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Rights Group Says Azerbaijan Targeted Armenian Church In Possible War Crime

The cathedral sustained exterior and interior damage after reportedly being hit twice within several hours.
The cathedral sustained exterior and interior damage after reportedly being hit twice within several hours.

Human Rights Watch (HRW) says Azerbaijani forces attacked a church in the town of Shushi during recent fighting over the breakaway Nagorno-Karabakh region, in what the group said appeared to be a deliberate targeting in violation of the laws of war.

Armenia accused Azerbaijan of shelling the Holy Savior Cathedral, a historic church perched on a strategic clifftop in Shushi, which is known as Susa in Azeri, on October 8.

Residents of the town said the church, also known as the Ghazanchetsots Cathedral, sustained exterior and interior damage after being hit twice within several hours. The 19th-century cathedral is part of the Armenian Apostolic Church.

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In a statement on December 16, HRW said the two separate attacks “suggest that the church, a civilian object with cultural significance, was an intentional target despite the absence of evidence that it was used for military purposes.”

“The two strikes on the church, the second one while journalists and other civilians had gathered at the site, appear to be deliberate,” said Hugh Williamson, Europe and Central Asia director at Human Rights Watch. “These attacks should be impartially investigated and those responsible held to account.”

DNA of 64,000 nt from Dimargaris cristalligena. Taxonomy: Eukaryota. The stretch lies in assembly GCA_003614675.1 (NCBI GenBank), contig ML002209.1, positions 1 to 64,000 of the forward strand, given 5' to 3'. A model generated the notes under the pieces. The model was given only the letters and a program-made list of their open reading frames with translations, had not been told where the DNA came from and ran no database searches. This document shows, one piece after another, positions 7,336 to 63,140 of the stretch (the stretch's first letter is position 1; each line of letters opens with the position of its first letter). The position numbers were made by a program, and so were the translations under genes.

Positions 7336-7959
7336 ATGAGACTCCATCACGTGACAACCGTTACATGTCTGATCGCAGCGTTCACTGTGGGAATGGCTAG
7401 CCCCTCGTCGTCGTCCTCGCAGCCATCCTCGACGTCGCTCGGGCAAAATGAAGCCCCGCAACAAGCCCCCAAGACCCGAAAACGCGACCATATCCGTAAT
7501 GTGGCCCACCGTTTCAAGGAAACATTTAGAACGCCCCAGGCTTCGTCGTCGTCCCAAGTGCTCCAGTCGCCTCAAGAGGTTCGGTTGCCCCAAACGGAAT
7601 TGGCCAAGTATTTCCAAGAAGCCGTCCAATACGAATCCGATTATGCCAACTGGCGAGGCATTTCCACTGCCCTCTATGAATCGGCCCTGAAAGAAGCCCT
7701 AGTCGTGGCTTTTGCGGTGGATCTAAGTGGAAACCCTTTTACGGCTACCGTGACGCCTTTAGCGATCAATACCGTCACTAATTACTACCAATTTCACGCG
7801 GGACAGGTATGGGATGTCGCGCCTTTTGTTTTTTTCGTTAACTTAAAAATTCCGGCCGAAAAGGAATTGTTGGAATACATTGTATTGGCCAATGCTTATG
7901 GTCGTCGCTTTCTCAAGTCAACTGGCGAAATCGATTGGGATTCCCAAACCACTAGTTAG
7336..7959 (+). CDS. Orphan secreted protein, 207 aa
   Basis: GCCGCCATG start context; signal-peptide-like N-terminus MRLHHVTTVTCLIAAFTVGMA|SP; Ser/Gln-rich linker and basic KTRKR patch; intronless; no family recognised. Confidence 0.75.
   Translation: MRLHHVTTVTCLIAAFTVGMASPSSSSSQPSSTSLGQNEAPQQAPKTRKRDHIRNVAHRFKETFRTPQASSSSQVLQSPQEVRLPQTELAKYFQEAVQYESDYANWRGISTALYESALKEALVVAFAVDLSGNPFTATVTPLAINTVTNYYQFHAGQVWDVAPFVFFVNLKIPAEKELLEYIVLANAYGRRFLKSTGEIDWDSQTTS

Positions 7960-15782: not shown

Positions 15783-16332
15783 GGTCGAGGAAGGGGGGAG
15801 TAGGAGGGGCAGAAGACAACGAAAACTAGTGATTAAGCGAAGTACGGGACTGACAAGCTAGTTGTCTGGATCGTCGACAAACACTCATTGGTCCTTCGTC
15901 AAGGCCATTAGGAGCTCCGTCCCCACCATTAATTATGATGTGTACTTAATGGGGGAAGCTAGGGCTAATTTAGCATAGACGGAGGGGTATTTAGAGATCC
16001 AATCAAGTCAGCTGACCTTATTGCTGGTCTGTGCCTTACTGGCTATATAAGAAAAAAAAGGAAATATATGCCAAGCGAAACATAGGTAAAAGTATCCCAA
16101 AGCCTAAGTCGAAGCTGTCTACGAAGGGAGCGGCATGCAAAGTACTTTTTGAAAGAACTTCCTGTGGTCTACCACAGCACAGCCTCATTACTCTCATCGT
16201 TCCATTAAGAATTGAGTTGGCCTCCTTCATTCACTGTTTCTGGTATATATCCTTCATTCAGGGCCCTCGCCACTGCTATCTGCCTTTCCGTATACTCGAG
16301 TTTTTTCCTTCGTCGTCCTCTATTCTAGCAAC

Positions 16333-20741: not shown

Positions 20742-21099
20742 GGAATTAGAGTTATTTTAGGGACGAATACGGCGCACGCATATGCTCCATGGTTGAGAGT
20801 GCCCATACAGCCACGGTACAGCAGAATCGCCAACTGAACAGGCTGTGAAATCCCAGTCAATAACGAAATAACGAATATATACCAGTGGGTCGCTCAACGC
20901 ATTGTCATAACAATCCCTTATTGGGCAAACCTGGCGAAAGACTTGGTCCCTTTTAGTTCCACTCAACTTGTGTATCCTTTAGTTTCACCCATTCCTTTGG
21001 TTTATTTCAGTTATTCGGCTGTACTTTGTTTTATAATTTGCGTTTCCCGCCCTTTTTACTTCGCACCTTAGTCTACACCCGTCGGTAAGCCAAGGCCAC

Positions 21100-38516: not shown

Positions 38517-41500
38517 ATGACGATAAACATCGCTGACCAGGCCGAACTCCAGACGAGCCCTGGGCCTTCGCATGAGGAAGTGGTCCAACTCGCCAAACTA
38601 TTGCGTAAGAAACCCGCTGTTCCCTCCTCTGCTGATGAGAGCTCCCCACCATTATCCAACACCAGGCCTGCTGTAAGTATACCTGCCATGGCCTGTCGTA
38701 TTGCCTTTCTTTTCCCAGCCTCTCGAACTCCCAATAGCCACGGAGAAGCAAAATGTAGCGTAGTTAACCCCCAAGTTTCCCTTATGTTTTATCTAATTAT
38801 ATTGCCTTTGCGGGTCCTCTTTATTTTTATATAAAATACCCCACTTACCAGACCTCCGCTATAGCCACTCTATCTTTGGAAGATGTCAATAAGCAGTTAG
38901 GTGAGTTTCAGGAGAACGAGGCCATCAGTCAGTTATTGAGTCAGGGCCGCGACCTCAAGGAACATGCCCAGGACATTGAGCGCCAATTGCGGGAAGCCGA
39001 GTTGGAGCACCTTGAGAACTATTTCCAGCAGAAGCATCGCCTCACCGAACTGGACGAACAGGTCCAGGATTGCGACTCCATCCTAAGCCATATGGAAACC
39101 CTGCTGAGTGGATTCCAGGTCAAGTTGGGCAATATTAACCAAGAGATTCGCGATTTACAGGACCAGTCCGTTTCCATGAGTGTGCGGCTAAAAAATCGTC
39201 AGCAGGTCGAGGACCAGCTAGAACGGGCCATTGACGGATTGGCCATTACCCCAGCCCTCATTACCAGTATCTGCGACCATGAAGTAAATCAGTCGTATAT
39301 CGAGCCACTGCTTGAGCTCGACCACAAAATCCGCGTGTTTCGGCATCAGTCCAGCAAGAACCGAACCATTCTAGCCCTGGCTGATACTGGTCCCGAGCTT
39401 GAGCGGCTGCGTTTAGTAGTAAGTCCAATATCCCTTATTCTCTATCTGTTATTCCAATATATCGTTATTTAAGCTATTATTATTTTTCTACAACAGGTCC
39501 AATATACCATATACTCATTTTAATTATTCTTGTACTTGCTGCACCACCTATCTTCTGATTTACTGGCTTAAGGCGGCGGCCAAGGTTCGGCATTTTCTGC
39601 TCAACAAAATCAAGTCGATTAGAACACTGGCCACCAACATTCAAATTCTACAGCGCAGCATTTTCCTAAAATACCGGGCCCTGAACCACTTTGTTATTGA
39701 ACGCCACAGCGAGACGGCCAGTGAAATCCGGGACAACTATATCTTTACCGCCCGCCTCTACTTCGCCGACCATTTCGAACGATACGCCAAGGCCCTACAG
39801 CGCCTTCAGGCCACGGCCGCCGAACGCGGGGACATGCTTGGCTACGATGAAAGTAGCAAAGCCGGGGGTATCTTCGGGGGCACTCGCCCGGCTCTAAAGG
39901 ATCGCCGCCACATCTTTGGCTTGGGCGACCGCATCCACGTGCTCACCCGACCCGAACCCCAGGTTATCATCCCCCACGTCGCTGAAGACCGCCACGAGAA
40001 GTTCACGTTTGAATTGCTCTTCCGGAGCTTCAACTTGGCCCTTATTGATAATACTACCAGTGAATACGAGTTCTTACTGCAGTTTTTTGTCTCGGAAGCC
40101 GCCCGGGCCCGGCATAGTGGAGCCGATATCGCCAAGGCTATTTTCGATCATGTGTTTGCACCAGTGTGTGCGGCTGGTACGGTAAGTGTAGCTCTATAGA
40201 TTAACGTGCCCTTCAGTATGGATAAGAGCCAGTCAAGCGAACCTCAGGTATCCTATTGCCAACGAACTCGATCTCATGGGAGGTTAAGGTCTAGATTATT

HRW said weapon remnants collected at the site corroborate the use of guided munitions.

Azerbaijani President Ilham Aliyev said that the church could have been targeted only by mistake and was “not among military targets.”

The attacks took place while Armenian forces still controlled the city. Azerbaijani forces regained control of the city on November 8.

Nagorno-Karabakh is internationally recognized as part of Azerbaijan, but the territory and some surrounding areas have been controlled by ethnic Armenian forces since the early 1990s.

In September, Azerbaijan launched a military offensive that resulted in Baku regaining control of the surrounding districts and parts of Nagorno-Karabakh itself.

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The sides agreed to a Russia-brokered truce in early November, resulting in in the deployment of 2,000 Russian peacekeeping forces to the conflict zone.

International human rights groups have urged both Azerbaijan and Armenia to urgently conduct investigations into war crimes allegedly committed by both sides during the six weeks of fighting over Nagorno-Karabakh.

Amnesty International has analyzed 22 videos depicting "extrajudicial executions, the mistreatment of prisoners of war and other captives, and desecration of the dead bodies of enemy soldiers," the London-based human rights watchdog said in a statement on December 10.

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